It sounds like the beginning of a bad joke: If two autonomous cabs meet, nothing works. Two driverless cabs did just that in San Francisco, USA. They met at an intersection and caused a traffic jam there that brought traffic to a standstill for several hours.
Autonomous cabs cause traffic jam at intersection
A curious incident was caused by about half a dozen robotic cabs of the Cruise company, which paralyzed traffic in the US metropolis of San Francisco for several hours last Tuesday. That’s according to the website Techcrunch.
Only after company employees moved out and manually moved the driverless cabs away was traffic able to flow again as planned. Since February 2022, the robot cabs from GM subsidiary Cruise have been allowed to make the streets of the Californian metropolis unsafe in a test run, albeit only at night and between 10 p.m. and 6 a.m..
In Germany, autonomous driving is only permitted with Level 3 systems. The basic requirement is a system design that must enable simple and serious faults to be rectified quickly and safely. A human driver behind the wheel is mandatory. Mercedes-Benz is considered a pioneer for autonomous driving in this country with DRIVE PILOT.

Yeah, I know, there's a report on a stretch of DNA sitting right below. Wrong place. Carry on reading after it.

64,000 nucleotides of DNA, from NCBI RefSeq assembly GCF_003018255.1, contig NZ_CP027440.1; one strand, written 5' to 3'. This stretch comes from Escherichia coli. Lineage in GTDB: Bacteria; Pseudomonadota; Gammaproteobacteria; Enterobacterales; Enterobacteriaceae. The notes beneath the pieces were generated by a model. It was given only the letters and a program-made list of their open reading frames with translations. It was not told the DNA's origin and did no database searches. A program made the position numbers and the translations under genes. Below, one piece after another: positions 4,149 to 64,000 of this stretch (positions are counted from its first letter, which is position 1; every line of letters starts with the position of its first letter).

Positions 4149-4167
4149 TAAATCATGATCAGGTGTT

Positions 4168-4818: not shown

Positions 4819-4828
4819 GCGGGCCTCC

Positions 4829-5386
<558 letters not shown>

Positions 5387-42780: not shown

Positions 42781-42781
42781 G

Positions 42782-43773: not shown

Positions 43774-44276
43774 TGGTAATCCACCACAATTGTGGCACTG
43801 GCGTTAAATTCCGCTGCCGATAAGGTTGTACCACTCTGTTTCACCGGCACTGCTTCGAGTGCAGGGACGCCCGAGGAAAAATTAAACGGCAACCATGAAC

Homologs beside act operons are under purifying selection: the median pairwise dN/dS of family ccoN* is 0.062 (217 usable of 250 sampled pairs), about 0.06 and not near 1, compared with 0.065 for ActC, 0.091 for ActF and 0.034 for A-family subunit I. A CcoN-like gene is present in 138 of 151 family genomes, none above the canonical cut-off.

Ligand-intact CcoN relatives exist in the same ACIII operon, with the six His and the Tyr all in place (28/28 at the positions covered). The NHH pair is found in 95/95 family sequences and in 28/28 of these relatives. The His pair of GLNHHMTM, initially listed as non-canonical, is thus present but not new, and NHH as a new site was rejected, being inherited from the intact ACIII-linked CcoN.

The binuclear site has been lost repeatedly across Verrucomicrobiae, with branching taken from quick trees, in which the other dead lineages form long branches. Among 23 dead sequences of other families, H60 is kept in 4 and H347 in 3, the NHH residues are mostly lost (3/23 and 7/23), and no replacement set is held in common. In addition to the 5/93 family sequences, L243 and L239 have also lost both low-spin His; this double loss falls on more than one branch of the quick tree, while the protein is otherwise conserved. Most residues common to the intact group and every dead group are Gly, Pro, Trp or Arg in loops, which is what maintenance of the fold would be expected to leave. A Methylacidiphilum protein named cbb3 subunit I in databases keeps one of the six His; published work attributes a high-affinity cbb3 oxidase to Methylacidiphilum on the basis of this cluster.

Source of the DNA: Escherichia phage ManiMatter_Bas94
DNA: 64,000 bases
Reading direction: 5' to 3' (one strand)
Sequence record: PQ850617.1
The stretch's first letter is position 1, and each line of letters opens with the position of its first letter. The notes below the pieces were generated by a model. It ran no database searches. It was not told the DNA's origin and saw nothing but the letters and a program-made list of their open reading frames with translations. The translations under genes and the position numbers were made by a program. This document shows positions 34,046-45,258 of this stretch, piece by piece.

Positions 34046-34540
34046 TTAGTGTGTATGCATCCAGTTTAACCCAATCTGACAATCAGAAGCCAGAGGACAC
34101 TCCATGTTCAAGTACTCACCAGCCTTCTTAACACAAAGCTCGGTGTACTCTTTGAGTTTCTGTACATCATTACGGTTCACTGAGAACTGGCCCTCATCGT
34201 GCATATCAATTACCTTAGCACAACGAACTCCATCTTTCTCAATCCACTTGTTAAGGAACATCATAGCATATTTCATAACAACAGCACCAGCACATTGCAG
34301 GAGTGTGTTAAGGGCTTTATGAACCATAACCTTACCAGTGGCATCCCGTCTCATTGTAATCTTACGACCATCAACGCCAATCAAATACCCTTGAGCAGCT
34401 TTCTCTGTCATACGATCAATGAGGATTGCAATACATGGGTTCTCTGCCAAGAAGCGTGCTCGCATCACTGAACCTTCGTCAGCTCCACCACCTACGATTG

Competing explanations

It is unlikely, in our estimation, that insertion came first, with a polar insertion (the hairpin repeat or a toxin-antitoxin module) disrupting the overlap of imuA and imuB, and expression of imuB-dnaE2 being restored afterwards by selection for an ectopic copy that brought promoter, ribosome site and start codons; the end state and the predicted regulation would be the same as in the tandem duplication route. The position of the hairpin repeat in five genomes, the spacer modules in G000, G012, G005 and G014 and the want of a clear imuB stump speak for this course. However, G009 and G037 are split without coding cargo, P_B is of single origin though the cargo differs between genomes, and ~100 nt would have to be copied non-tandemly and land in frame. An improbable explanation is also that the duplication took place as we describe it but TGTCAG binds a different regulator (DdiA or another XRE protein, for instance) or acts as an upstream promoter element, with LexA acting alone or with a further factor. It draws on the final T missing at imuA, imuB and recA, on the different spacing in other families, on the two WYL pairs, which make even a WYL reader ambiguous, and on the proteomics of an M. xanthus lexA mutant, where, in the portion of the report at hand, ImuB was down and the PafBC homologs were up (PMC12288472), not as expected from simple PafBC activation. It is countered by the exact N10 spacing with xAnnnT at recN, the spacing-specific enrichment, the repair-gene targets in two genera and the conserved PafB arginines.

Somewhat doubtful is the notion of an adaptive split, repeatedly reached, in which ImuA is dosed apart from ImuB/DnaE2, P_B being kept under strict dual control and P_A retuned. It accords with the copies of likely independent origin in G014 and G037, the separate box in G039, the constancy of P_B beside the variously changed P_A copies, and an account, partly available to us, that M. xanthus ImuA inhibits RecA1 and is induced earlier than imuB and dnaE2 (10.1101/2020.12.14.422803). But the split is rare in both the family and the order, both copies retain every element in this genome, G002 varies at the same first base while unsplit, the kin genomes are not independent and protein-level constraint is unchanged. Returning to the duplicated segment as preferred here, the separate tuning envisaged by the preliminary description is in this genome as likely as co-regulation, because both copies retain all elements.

Cruise robotic cabs are rallying
According to a company spokesperson, a technical error was the reason for the clustering of robotaxis that caused “some of our vehicles to bunch up”. Passengers were not affected, however, Cruise said.
The affected vehicles were moved from the intersection with a combination of remote access and manual intervention by company employees, it said.
Meanwhile, the overnight encounter of autonomous cabs made big waves on Reddit. In one thread, eyewitnesses shared images of the e-car gathering, describing the situation as surreal. “They are gathering to kill us,” wrote one person.
Even the street sweeper had been unable to work on the entire block, which is fined $76 per car in San Francisco. Cruise has only been allowed to use the converted Chevrolet Bolt models commercially as autonomous cabs for about a week.
In April 2022, a similarly curious situation occurred during a previous test run. Here, SFPD police officers stopped a driverless Cruise robotaxi at a red light and were visibly irritated that there was no driver behind the wheel.
When the light turned green, the autonomous cab simply drove away from the officers and only came to a stop a few moments later. The reason for the stop was apparently a malfunction of the headlights.
However, this incident and the current blockade of autonomous cabs are likely to further complicate the path toward daytime approval for Cruise. Tesla, for example, only offers an Autopilot system in the U.S. that mandates a human behind the wheel. However, due to an increasing number of accidents, the automaker has also had to answer to the U.S. Transportation Safety Administration.